Billionaire Ron Perelman Eyes Philadelphia's Newspapers

Ron Perelman, pictured here, who has made billions buying and selling undervalued companies, yesterday unexpectedly joined the fray interested in acquiring Philadelphia Newspapers LLC, corporate parent of the Philadelphia Inquirer and Philadelphia Daily NewsRon Perelman, who has made billions buying and selling undervalued companies, on Monday unexpectedly expressed interest in bidding for Philadelphia Newspapers LLC, corporate parent of the Philadelphia Inquirer and Philadelphia Daily News.

The bid by Perelman and his father Raymond came after billionaire Ronald Burkle abruptly pulled out of the bidding process last week, which he had entered at the urging of Pennsylvania Governor Ed Rendell.

An auction of the bankrupt publisher is occurring Tuesday in New York City. Both the Perelmans and Burkle worked with local partners eager to keep the papers under the management of local businessman Brian P. Tierney.

The Philadelphia Council of Newspaper Unions issued a statement Tuesday decrying the potential for the termination of more than 4,500 employees if the secured bidders are successful.

Motivated by Civic Pride

Senior lenders, who want to fire Tierney, are also bidding for the company, as is Canadian publisher Stern Partners. In a statement, the Perelmans say their interest in the papers is motivated by civic pride.

"The Philadelphia Inquirer is a venerable institution that should continue to be owned by local interests," the family says. "The Perelmans and their partners have strong ties to the region, the schools, the hospitals and the cultural institutions of Philadelphia. They want to ensure that this great newspaper and its workforce continue to serve the people who depend on it every day."

Though he now resides in New York, Ron Perelman grew up in Philadelphia and graduated from the University of Pennsylvania and is a major contributor to the Ivy League institution. His father, 92, still lives in the city. "Ray Perelman just loves the papers," Tierney told the Inquirer. "He said, 'Just let me know if there is any way I can help.' "

As the Inquirer noted, the local investors include William A. Graham, chief executive officer of the Graham Co., a Philadelphia regional insurance broker; the Carpenters Union pension fund; philanthropist David Haas; and Bruce E. Toll, vice chairman of home builder Toll Bros. (TOL). Senior lenders include Angelo, Gordon & Co. and CIT Group (CIT), along with Alden Global Capital, the paper said.

Billionaires and Their Newspapers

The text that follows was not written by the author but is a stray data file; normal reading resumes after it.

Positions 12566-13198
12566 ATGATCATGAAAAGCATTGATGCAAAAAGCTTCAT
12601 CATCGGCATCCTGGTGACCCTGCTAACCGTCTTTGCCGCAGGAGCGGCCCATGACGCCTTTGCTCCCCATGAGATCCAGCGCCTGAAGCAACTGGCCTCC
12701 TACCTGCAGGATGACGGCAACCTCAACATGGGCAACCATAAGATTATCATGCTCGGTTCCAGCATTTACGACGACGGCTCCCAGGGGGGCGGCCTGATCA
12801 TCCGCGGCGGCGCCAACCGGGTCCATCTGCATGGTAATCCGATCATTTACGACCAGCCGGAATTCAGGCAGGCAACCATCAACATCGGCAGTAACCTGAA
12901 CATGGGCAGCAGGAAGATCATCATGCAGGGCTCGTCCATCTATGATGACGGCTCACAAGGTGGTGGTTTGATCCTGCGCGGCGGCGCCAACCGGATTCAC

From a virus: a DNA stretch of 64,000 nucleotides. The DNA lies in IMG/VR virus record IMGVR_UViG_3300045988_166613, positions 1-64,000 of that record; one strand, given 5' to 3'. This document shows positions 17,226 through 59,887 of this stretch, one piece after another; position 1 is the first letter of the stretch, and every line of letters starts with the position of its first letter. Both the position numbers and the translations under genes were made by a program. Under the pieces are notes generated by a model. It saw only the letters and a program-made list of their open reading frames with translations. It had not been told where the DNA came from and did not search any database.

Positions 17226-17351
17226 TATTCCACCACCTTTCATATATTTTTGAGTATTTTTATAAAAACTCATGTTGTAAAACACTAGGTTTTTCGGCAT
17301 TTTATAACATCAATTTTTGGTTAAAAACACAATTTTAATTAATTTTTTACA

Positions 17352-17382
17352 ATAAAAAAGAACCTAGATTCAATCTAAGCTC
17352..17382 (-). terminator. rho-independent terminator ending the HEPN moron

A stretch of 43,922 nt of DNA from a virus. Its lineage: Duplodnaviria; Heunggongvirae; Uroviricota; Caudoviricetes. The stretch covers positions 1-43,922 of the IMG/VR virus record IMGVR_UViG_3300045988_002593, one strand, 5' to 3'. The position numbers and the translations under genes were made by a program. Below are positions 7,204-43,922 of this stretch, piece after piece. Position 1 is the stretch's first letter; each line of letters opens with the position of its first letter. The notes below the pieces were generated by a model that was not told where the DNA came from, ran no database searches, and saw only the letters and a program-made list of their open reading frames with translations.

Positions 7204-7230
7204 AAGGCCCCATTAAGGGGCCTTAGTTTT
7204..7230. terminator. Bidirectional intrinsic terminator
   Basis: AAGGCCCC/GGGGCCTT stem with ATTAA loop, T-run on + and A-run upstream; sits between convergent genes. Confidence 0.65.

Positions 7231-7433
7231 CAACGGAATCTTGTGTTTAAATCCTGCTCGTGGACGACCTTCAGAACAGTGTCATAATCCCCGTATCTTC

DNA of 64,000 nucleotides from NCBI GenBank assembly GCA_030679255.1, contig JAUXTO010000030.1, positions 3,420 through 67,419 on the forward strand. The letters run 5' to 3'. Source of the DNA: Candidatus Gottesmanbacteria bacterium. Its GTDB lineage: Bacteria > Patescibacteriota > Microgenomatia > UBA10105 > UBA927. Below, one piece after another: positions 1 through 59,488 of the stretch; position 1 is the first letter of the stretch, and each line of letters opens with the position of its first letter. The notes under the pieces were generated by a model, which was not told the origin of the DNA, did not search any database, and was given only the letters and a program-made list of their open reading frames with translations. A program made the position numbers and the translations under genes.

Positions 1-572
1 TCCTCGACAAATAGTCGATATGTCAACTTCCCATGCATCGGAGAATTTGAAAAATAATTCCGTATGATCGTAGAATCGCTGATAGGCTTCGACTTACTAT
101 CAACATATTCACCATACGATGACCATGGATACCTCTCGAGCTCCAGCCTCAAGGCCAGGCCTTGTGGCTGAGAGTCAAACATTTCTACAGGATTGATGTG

Perelman is the latest in a growing number of successful businessmen, including Burkle and former General Electric (GE) CEO Jack Welch, who have toyed with the idea of buying a newspaper. Most knew nothing about the publishing business. Warren Buffett, who does know the business through his ownership of The Buffalo News and holdings of the Washington Post Co. (WPO), said last year that he wouldn't buy a newspaper "at any price."

The investor, whose best-known holding is Revlon (REV), doesn't shy away from risks and has dabbled in the media sector before. In the 1990s, Perelman battled fellow tycoon Carl Icahn for control of comic book publisher Marvel Entertainment. Isaac Perlmutter, whose Toy Biz action figure marketing company had a royalty deal with Marvel, eventually took control of the company, which sold itself for $4 billion to Disney (DIS) in January. Perelman's New World Communications produced the classic 80's TV show The Wonder Years.

If the Perelman's bid is accepted, it would represent the strangest twist in the saga of Philadelphia's newspapers. Tierney, a former public relations executive whose aggressive tactics made him many enemies among local journalists, led a team of investors that purchased the papers for $515 million.

Tierney the Optimist

Ever the optimist, Tierney invited the widow of its onetime owner, Walter Annenberg, to visit him in her husband's old office. While visiting, Lenore Annenberg noted that Tierney had situated his desk differently from her husband.

Tierney moved his desk. "I want all the good vibes, good ideas, I can get," Tierney told Philadelphia magazine.

Of course, his investment soon soured, as technology and the worst economic slowdown since the Great Depression created the biggest upheaval the industry has seen in decades. Tierney fell behind in his loan payments, forcing Philadelphia Newspapers to declare bankruptcy in February 2009. He has been trading barbs with his creditors ever since, even accusing them of secretly taping him

As the Inquirer noted, the drama continued Monday in federal court "when the local investors said another bidder, the largest holders of the company's debt, had a provision in its bid to terminate the company's workforce and require employees to reapply for their jobs."

Lawyers representing the unsecured lenders accused the publisher of being "unfair and despicable."


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